SIGNAL HILL, TX
SIGNAL HILL, TEXAS. Signal Hill was a small oil boom camp a mile and a half east of Stinnett in Hutchinson County. It was founded in 1926 by Earl Thompson on a tentative survey of the Panhandle and Santa Fe Railway and had a brief but uninhibited life as a quasi-independent community during the boom of the late 1920s. Throughout this time it was generally regarded as a hangout for bootleggers, prostitutes, gamblers, and other undesirables who drifted into the oil fields. Among the noted criminals who frequented Signal Hill were Ray Terrell, Ace Pendleton, Matt Kimes, and the bootlegging brothers Torrance and W. J. (Shine) Popejoy. At its peak in 1926–27, the camp was infested with beer emporiums, brothels, gambling dens, speakeasies, and other places of ill repute. Thompson opened a bank in Signal Hill. In addition, the settlement contained four drugstores, a bakery, an ice house, a dozen filling stations, a welding shop, a boiler shop, a hardware store, three oil-supply houses, a meat market, a movie house, and several hotels and rooming houses. One citizen recalled that the post office was the only place in the camp that did not sell alcoholic beverages. After the first cleanup of the Borger area by Texas Rangersqv in 1927, Signal Hill's population rapidly decreased, as its centers of vice were shut down. The proposed railroad spur was never built, and the community was abandoned in about a year.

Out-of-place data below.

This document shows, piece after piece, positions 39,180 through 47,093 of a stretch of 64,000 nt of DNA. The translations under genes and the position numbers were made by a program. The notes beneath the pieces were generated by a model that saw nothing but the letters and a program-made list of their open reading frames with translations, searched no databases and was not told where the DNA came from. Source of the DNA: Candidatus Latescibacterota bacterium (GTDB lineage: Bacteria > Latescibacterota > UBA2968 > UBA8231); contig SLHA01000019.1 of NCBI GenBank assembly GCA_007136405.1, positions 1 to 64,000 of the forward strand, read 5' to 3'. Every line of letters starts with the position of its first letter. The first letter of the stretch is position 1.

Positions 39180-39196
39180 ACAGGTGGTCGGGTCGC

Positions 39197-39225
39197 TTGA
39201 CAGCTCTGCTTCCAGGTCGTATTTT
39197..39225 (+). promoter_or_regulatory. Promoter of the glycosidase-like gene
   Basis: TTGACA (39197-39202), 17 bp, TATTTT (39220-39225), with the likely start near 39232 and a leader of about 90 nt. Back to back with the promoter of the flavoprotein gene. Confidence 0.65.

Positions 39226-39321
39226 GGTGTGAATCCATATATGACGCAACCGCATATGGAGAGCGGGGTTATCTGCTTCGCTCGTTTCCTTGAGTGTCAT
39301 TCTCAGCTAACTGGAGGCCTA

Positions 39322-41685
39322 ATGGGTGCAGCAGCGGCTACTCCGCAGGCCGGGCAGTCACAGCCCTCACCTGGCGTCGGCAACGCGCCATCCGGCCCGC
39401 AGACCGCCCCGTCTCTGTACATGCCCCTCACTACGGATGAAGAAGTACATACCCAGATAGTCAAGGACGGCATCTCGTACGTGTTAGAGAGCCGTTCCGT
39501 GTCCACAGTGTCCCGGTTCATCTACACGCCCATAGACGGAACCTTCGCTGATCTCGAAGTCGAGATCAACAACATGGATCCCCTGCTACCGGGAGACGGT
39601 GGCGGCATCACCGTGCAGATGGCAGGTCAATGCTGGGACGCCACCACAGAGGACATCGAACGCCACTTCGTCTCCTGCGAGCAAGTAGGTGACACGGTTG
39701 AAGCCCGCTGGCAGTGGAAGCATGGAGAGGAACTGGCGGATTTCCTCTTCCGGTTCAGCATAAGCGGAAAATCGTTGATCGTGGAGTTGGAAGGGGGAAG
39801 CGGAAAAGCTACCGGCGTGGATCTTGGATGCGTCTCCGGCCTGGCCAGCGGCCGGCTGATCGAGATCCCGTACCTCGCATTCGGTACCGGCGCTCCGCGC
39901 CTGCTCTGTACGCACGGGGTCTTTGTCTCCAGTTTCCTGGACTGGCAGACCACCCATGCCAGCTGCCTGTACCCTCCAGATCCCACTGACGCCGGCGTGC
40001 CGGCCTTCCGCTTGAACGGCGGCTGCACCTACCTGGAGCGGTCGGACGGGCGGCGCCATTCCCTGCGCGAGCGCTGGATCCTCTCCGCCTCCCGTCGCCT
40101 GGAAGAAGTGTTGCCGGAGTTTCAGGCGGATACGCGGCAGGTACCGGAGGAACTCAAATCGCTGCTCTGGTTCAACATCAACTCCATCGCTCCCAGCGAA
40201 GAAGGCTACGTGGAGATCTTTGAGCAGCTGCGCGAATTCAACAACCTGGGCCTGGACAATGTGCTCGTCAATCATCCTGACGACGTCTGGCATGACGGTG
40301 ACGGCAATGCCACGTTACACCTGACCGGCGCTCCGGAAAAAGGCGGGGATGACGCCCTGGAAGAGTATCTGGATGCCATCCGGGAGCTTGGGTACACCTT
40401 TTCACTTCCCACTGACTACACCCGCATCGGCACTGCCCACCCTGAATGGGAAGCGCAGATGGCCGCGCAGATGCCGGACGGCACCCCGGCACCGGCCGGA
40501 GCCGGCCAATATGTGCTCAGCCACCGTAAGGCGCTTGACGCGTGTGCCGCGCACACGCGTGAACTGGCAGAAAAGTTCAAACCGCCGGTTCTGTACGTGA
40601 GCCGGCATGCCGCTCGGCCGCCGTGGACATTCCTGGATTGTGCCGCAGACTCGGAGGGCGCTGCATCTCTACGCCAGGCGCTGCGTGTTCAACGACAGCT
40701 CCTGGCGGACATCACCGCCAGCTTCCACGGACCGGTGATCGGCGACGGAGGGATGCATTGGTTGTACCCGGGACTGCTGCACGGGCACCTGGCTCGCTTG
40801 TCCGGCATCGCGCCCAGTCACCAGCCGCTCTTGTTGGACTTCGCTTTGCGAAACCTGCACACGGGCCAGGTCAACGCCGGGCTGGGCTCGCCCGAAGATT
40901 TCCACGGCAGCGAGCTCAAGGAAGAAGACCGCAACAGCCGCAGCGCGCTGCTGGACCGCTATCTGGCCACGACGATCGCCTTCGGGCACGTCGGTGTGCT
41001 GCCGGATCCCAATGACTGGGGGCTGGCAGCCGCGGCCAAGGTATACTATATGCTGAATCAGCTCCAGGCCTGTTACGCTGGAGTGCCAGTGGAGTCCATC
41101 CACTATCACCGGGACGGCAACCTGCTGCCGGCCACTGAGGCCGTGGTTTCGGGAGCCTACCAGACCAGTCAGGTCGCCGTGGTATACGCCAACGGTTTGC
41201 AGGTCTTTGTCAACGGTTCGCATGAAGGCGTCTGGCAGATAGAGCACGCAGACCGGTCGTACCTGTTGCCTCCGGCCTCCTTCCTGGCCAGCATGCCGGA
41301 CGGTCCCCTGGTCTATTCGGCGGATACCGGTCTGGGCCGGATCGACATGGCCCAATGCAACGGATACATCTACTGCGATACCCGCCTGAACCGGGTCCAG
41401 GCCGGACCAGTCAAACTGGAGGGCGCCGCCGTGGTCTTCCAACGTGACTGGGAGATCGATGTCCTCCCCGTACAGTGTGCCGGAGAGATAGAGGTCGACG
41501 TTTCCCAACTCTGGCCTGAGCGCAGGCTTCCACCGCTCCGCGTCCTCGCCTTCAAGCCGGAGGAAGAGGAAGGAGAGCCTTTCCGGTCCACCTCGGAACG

Jerry Sinise, Black Gold and Red Lights (Burnet, Texas: Eakin Press, 1982). F. Stanley, The Signal Hill Story (Nazareth, Texas, 1973).
The following, adapted from the Chicago Manual of Style, 15th edition, is the preferred citation for this article.H. Allen Anderson, "SIGNAL HILL, TX," Handbook of Texas Online (http://www.tshaonline.org/handbook/online/articles/hvs88), accessed May 18, 2013. Published by the Texas State Historical Association.